As I write this, I’m sitting in the car while Tristan runs cross-country practice from 8 AM to 10 AM, something that happens several times each week during the summer. The car isn’t my preferred working environment, but since it’s a 15 minute drive to and from the school, staying put lets me avoid wasting another 30 minutes on driving. The saving grace? The school’s Wi-Fi network reaches to where I park, so I can be entirely productive on my MacBook Air. But not all locations have Wi-Fi, and when I’m forced to wait elsewhere, I rely instead on the Personal Hotspot feature of iOS 8 on my iPhone. It’s supported by the AT&T MobileShare plan we use, which includes 2 GB of shared cellular data.
2 GB is more than enough for Tonya, Tristan, and me to share for iPhone usage — we don’t do any media streaming over cellular — but my MacBook Air could chew through that in no time, thanks to Dropbox syncing, CrashPlan backups, Photos bringing new images down from iCloud Photo Library, and more. In the past, I’ve always tried to reduce my data usage manually by pausing Dropbox and CrashPlan, avoiding streaming media apps like Rdio, and hoping that iCloud-based services like iCloud Photo Library don’t go haywire on me.
A more elegant solution has now arrived in the form of TripMode, designed by three Swiss entrepreneurs. Whenever it’s running, TripMode watches as apps attempt to make network connections and allows only those apps you specify, preventing all others from accessing the Internet. That way you can ensure that low-bandwidth apps like Messages and Mail work normally over your tethered Internet connection, while making unpredictable bandwidth users like Dropbox think you’re not connected to the Internet at all. TripMode costs $7.99, offers a 7-day free trial, and even after the trial ends, will work for 15 minutes per day for free. It requires OS X 10.10 Yosemite.
You might think TripMode would require a low-level kernel extension to work its magic, and you’d be right. Despite that, it’s an entirely self-contained app in the Applications folder, with its kernel extension hidden inside. So when you turn TripMode off, or uninstall it by dragging it to the trash, you don’t have to worry about a kernel extension remaining on your system and potentially causing instability.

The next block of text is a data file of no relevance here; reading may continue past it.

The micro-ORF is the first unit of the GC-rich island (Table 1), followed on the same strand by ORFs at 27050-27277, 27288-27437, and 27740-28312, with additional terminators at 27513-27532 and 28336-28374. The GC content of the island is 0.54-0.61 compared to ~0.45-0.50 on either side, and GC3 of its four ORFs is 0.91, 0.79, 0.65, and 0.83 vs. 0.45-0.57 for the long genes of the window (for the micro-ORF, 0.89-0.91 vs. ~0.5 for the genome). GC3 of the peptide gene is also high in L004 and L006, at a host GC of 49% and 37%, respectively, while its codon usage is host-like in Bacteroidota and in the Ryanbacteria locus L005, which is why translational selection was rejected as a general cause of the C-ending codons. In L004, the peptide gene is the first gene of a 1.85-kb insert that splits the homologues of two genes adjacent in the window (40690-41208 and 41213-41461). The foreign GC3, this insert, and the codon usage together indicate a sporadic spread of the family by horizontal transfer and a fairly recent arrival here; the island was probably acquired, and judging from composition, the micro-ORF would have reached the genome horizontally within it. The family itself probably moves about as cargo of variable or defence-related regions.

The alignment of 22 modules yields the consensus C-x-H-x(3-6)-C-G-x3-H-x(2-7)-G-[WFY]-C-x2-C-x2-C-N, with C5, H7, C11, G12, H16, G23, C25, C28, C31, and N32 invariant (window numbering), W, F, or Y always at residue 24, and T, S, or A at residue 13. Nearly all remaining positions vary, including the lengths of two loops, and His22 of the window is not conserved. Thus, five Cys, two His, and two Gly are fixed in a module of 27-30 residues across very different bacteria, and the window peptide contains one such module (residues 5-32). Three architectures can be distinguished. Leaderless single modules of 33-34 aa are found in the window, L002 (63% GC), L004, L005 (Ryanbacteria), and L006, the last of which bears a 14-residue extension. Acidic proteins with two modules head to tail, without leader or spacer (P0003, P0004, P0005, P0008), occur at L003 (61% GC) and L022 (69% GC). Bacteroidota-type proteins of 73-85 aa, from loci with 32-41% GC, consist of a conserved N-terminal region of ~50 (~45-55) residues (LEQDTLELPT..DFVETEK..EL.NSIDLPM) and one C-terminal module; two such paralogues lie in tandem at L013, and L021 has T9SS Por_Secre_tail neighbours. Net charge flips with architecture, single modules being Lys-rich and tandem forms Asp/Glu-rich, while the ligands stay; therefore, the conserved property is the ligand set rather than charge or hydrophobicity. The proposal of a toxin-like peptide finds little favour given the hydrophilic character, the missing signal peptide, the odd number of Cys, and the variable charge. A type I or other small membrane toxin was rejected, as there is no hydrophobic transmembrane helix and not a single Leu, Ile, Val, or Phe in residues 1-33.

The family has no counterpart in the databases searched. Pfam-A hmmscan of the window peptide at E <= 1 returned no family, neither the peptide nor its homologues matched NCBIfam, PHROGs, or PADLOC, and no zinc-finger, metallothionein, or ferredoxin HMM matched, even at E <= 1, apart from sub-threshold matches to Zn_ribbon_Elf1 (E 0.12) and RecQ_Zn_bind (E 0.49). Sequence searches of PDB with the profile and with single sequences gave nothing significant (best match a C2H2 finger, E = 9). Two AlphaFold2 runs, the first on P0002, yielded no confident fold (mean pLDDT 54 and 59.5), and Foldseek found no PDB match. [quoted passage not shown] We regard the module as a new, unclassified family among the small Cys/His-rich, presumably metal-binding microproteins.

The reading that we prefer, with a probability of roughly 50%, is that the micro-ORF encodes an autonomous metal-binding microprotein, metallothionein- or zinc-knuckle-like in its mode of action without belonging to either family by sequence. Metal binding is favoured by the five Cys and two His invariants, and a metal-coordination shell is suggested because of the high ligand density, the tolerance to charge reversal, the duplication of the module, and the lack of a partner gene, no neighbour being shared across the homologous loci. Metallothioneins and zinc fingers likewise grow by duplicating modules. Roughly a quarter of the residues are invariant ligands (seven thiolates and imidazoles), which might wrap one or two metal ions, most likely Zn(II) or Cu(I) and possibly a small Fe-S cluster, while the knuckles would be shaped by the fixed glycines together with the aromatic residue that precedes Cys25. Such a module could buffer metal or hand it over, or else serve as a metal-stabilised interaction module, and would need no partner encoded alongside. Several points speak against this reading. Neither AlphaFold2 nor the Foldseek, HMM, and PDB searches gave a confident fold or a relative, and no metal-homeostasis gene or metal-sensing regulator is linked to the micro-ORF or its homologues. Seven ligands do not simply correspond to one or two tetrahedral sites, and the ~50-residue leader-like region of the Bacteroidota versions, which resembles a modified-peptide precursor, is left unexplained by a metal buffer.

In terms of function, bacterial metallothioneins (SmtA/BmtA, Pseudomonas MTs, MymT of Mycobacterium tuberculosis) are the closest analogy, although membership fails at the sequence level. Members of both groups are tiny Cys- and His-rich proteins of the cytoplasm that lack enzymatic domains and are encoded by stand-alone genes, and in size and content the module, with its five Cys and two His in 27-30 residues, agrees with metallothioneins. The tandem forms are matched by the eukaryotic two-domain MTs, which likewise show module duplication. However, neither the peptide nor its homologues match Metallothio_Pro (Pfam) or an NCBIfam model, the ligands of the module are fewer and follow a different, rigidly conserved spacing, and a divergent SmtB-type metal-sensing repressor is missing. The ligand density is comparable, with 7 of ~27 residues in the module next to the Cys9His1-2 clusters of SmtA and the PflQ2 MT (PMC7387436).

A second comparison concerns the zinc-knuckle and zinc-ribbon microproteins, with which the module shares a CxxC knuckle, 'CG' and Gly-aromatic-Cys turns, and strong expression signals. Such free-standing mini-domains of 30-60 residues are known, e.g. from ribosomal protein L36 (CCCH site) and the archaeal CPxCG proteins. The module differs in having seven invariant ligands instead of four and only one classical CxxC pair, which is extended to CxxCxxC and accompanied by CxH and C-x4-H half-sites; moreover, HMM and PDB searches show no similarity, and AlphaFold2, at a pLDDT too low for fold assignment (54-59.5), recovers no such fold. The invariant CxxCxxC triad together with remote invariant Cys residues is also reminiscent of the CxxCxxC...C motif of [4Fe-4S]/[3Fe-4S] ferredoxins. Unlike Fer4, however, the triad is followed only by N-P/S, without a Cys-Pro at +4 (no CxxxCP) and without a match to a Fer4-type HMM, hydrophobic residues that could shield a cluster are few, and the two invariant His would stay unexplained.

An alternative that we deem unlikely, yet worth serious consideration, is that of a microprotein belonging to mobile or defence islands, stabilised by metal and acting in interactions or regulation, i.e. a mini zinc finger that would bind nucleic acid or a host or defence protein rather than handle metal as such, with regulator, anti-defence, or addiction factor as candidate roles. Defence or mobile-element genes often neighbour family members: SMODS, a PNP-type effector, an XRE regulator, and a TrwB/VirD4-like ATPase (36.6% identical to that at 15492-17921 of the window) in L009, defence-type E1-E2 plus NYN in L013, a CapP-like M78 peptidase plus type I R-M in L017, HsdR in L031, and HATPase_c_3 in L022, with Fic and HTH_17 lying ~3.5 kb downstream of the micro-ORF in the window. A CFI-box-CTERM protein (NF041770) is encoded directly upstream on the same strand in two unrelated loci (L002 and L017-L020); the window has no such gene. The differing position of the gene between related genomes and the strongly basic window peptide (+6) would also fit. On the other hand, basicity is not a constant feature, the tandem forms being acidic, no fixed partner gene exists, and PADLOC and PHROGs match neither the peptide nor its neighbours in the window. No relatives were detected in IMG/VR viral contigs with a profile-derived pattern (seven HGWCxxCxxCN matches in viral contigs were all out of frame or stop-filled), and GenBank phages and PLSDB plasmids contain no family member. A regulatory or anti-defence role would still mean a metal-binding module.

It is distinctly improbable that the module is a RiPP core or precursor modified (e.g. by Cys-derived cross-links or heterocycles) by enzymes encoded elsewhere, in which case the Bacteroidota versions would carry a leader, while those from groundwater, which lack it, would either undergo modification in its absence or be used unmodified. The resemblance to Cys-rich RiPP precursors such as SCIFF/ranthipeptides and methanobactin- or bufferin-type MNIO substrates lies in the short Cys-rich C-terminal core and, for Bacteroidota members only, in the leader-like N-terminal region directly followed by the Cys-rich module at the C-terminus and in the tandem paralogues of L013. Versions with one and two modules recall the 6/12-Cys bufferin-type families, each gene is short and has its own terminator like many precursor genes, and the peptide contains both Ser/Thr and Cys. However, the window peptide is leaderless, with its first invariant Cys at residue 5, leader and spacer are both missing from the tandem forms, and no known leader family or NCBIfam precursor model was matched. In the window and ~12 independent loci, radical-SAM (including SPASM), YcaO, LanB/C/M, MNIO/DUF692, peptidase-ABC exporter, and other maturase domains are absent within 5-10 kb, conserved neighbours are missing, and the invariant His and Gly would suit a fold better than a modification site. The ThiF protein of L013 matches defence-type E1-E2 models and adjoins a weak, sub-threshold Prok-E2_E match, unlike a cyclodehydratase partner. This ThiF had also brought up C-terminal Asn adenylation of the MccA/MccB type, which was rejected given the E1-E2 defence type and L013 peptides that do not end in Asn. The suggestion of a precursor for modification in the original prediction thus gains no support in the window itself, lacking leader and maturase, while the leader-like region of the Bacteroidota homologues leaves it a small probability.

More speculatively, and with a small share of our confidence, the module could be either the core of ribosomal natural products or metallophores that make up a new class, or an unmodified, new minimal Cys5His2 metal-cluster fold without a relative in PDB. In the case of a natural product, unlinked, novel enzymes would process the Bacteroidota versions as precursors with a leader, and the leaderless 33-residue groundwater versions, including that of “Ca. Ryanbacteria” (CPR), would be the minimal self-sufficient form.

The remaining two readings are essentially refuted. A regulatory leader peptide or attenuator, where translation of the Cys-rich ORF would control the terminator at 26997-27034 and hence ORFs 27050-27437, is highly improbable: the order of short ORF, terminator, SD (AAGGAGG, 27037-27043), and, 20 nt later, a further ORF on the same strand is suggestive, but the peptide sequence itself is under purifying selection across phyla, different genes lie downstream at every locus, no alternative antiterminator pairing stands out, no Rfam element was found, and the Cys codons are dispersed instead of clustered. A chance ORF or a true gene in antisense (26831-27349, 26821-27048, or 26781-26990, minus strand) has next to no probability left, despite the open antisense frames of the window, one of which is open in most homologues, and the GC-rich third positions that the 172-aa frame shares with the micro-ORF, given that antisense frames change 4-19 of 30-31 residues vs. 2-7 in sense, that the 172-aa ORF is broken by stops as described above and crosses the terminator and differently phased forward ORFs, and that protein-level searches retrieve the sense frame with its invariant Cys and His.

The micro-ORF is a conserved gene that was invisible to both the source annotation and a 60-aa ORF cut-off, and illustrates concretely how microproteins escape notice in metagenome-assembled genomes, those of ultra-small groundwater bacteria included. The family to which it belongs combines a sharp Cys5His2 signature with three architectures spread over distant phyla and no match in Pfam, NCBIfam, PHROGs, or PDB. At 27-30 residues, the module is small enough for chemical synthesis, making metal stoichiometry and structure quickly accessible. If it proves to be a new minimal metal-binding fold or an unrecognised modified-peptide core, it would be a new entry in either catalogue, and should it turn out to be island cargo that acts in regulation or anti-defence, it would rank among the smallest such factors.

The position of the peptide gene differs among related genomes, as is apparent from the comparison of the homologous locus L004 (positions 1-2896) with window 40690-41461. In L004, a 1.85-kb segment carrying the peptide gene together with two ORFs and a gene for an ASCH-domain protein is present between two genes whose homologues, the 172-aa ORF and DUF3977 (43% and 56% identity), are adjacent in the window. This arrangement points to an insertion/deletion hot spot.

Once installed, TripMode adds itself to your Login Items and puts a train icon in your menu bar; click it to see all the applications that are trying to access the Internet. The list is populated dynamically, so you won’t see an app appear until it tries to connect (which causes TripMode’s icon to turn red by default), meaning that you may want to check back every so often. Because many apps rely on background processes, you may see entries you don’t recognize — I get CIJScannerRegister, which some research showed that I should probably delete. If you don’t want the icon flashing red or TripMode to launch automatically at startup, you can disable those options in its
To whitelist an app so it can access the Internet, select its checkbox in the TripMode popover. To keep an app thinking you’re offline, simply leave it deselected. That’s all you have to do — TripMode remembers your choices from one session to another. It also reports on how much data each app has transferred, and can even display how much data you’ve used in the session, in the day, and in the current month — all very helpful for staying under your data cap.
TripMode automatically detects mobile hotspots and enables itself for such networks, disabling itself when back on a regular Wi-Fi network. You can also control it manually via an On/Off switch, if you want to prevent excessive data consumption on any type of network — satellite Internet users or those relying on dialup in remote parts of the world might particularly like this option.
Unlike in iOS, which never assumes that Internet connectivity is a guarantee, OS X and Mac apps in general take an Internet connection as a given, and some may react poorly to being locked out by TripMode. For instance, Dropbox didn’t put up a fuss, but Google Drive was unhappy with being blocked, throwing one error and then another when I relaunched it. That’s not TripMode’s fault, and is worth reporting to the developer of any app that has trouble.
TripMode’s designers have put a great deal of thought into focusing its interface and functionality on the essentials, so there’s no way to create different sets of allowed applications for different networks, for instance, nor does the data usage report differentiate between networks. Most people will use TripMode to access just their own mobile hotspot, and per-network control or reporting would clutter the interface. That said, I could imagine a Pro version that would add such features, or might even support
throttling of specific apps, so you could prevent Photos from sucking all your bandwidth, for instance (which would be better than the Network Link Conditioner solution I mentioned in “How to Throttle iCloud Photo Library Uploads,” 20 May 2015).
Regardless, TripMode is here now, it works well, and it’s less expensive than even a single overage fee, which is generally about $15. If you connect your Mac to the Internet via a mobile hotspot with overage charges, TripMode is a no-brainer.